Our parish's bulletin had an insert, "Vibrant Parishes - Thriving Branches" [pdf], Information Handout 1 of four, from the Archdiocese of Milwaukee Planning Commission. This series leads up to an Archdiocesan Planning Conference.

In his homily at his installation,

[Archbishop] Dolan apologized for not being able to present a more specific plan of action for his tenure here, but took comfort in the example set by St. Francis of Assisi. He told the story of how Francis went to Pope Innocent III to get permission to form his religious order, and when the pope asked what plans Francis had for his friars, he simply pointed to the Gospels and said, "This is my plan."
So I had hoped that, if strategic planning there must be, it would start with the Gospels, develop a plan for the Archdioces explicitly based on the Gospels, and then have each parish plan within that framework.

The handout appears redundant to the existing parish planning process. We went through this at my parish during my term on the parish council.

It seemed to me then that after 2,000 years, we would already have a mission, it would be written down somewhere (the Gospels, perhaps), and we wouldn't be starting from scratch. But that wasn't the process. Instead, we had voluminous material from the Archdiocese, which did not include a copy of an plan for the Archdiocese, or even a statement of its mission. Instead, the parish council met, stuck large blank sheets of paper on the wall, and wrote on them suggestions called out by members of the group.

With a Vision Statement and Mission Statement culled from the suggestions, we then assigned each parish committee the task of drawing up Directional Statements and a five year Action Plan for each.

If I had it to do over, when we found out that the Archdiocese was asking us to produce a plan when it did not have one of its own, I would then have suggested that we chuck the project. As it was, it was such a protracted process to plan our work that we didn't work our plan once it was completed. The planning process had been so unpleasant and unsatisfying that, once the plan was done, the people involved in the process tended to avoid looking at it again.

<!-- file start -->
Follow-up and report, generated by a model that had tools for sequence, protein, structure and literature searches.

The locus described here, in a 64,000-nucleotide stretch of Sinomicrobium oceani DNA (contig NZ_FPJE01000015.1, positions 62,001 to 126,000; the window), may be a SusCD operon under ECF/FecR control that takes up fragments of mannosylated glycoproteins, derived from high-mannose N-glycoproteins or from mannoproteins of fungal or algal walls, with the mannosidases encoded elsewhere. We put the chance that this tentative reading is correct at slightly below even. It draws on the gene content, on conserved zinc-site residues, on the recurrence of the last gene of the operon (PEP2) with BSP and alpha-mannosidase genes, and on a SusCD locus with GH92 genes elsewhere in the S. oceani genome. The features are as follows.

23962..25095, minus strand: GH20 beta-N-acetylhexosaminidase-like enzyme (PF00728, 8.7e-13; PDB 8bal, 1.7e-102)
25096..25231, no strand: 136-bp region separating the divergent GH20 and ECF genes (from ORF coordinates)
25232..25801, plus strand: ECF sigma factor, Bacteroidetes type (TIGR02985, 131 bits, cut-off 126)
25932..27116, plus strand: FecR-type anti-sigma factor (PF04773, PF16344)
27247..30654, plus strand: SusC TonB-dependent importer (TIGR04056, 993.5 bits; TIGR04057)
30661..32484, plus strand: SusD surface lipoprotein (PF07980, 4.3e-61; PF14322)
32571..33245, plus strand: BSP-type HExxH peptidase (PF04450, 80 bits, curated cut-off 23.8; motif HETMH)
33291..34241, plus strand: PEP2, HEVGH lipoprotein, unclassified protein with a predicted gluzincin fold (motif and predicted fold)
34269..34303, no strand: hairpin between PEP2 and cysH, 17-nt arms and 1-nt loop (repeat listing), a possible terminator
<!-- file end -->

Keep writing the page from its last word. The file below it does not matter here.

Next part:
What was needed was more of a plan for the Archdiocese as a whole, and more coordination of what the parishes do with that plan. What the Archdiocese appears to be doing is not like that. Instead the process looks more like an attempt to vindicate the process that brought us the dreaded Listening Sessions. Dreaded by what Archbishop Dolan calls "meat and potatoes Catholics." Since the process will filter comments first through individual parish councils and then through a meeting of representatives each parish, I don't expect a "meat and potatoes" plan.


Thursday, August 14, 2003


Grave disorder, cont.

The on-line edition of the July 31, 2003 issue of our archdiocesan weekly is now available with its permanent links. It reports on the firing of archdiocesan cemetery management in this article. Our local daily's earlier coverage [see August 6, 2003] did not mention a few aspects of the controversy covered by the Herald.